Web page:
Richards and Alston, JJ.
1. This appeal arises out of a suit for pre-emption. The sale which gave rise to the alleged right took place on the 11th of September 1903. The present suit was instituted on the 10th of September 1904. The court of first instance dismissed the plaintiff's suit on the 22nd of December 1904, on the sole ground that the court-fee paid was insufficient. The District Judge confirmed this decree of the court of first instance on the 11th April 1905. On the 25th of March 1907 the High Court set aside the decrees of both the lower courts, holding that the court-fee was sufficient, and remanded the case to be disposed of on the merits. The only evidence of the custom of pre-emption was an extract from the wajib-ul-arz which provided that if any co-sharer wanted to dispose of his share, he must in the first instance offer it to a co-sharer, and' then he might sell it to a stranger.. For the purpose of this appeal we must consider that at the time of the sale and' of the institution of the suit, and also at the dates of the decrees of the Subordinate Judge and the District Judge mentioned above, the plaintiff was a co-sharer and the defendant vendee a stranger. It however appears that on the 7th of January 1906, the defendant vendee became a co-sharer in the village, and in the sense of the wajib-ul-arz was no longer a stranger. When therefore the case came back to the Subordinate Judge for decision on the merits the defendant vendee filed an amended written statement in which he set forth the sale to him of the 7th of January J 906, and submitted that by virtue thereof he was not now a stranger and that the plaintiff's suit should be dismissed. This contention having found favour with both the courts below the plaintiff comes here in second appeal. From the facts which we have stated it will appear that the plaintiff had a good cause of action not only at the time of the sale and at the institution of the suit, but also at the time when decrees in his favour ought to have been made by the court of first instance and by the court of first appeal.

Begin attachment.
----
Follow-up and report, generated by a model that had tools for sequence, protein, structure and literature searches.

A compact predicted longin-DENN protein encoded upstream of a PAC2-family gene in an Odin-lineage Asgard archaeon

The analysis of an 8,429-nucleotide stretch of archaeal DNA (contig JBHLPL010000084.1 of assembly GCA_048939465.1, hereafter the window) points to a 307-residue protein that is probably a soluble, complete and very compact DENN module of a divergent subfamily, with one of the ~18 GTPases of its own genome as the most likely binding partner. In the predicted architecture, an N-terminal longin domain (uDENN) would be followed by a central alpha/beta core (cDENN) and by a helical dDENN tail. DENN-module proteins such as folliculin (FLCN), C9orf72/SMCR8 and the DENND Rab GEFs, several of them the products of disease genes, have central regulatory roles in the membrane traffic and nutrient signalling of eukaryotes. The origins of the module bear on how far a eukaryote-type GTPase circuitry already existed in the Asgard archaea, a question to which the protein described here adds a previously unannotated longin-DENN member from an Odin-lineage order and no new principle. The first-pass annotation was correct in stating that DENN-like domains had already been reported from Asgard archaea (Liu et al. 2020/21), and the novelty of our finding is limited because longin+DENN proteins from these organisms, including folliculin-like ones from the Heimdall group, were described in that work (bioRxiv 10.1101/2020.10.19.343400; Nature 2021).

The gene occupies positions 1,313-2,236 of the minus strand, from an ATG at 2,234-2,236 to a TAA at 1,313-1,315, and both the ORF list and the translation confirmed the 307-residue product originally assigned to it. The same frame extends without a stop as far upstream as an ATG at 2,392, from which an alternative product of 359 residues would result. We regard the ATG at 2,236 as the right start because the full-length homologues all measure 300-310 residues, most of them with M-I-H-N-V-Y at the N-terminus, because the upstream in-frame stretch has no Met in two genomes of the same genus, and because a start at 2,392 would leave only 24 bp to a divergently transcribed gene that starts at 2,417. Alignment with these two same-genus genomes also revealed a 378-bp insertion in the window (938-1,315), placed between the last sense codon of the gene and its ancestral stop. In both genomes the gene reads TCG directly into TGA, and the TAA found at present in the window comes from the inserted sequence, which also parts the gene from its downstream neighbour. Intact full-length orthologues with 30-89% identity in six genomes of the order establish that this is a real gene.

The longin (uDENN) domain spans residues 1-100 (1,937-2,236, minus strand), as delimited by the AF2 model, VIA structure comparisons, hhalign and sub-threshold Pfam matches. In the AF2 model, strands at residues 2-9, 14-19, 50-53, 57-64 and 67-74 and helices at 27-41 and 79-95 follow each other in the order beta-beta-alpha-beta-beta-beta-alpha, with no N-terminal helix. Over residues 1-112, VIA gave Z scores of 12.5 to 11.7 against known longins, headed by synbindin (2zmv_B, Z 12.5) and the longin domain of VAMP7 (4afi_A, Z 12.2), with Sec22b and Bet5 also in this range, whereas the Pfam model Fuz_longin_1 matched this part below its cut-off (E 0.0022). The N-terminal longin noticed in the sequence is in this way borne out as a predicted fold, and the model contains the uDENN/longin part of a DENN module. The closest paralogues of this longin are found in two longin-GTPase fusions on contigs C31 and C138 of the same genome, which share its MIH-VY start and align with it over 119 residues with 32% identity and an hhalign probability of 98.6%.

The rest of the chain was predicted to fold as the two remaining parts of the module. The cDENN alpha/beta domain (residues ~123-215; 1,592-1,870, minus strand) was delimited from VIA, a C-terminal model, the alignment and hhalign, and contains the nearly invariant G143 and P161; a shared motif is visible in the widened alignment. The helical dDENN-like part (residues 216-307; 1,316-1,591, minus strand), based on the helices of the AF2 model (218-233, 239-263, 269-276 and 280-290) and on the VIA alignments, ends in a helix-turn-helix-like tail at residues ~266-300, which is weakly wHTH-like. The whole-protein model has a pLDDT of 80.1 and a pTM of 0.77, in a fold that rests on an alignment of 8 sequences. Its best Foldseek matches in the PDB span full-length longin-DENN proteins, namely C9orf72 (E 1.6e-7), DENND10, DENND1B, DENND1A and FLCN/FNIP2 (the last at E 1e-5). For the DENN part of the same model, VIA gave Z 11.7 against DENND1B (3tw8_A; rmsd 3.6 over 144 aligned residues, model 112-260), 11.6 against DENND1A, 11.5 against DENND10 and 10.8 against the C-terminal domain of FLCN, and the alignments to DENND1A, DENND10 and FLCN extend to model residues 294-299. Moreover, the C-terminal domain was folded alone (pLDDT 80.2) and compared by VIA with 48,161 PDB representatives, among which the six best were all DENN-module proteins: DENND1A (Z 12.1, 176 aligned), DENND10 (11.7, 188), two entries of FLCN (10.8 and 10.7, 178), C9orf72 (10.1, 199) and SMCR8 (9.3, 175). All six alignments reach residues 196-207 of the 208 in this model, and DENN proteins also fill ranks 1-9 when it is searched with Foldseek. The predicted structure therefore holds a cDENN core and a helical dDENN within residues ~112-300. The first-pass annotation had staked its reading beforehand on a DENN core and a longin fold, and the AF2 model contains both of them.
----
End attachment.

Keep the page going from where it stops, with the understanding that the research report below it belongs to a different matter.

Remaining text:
2. It is contended on behalf of the respondents that the present case is concluded by the ruling in Ram Gopal v. Piari Lal (1890) I.L.R. 21 All. 441. In that case, however, proceedings for partition were pending before (he plaintiff's suit was filed, and the partition proceedings were completed before the court came to make its decree; wish the result that the plaintiff had no longer the status which would entitle him to pre-empt the property. The court therefore dismissed his suit. It is necessary to point out that the facts of that case very materially differed from the facts of the present case. The plaintiff in the case cited had by virtue of the partition, which bound all persons in the village, lost his rights, and those partition proceedings had been instituted before the pre-emption suit was started. In the present case the plaintiff's position is just the same as it was when he instituted his suit. He was a co-sharer then and he is a co-sharer now. It is the defendant vendee's position which has been altered. He has become a co-sharer, a status which lie did not occupy at the date of the sale, nor at the date of the institution of the suit, nor at the date when a decree in favour of the plaintiff ought to have been made. The decision in Bam Gopal v. Piari Lal was given on the 14th of June 1899. On the 15th of May of the same year a Full Bench of this Court had before it much the same question in the case of Janki Prasad v. Ishar Das (1899) I.L.R. 21 All. 374. In that case it was held that a person in order to en-force a right of pre-emption must fulfil the conditions, and the
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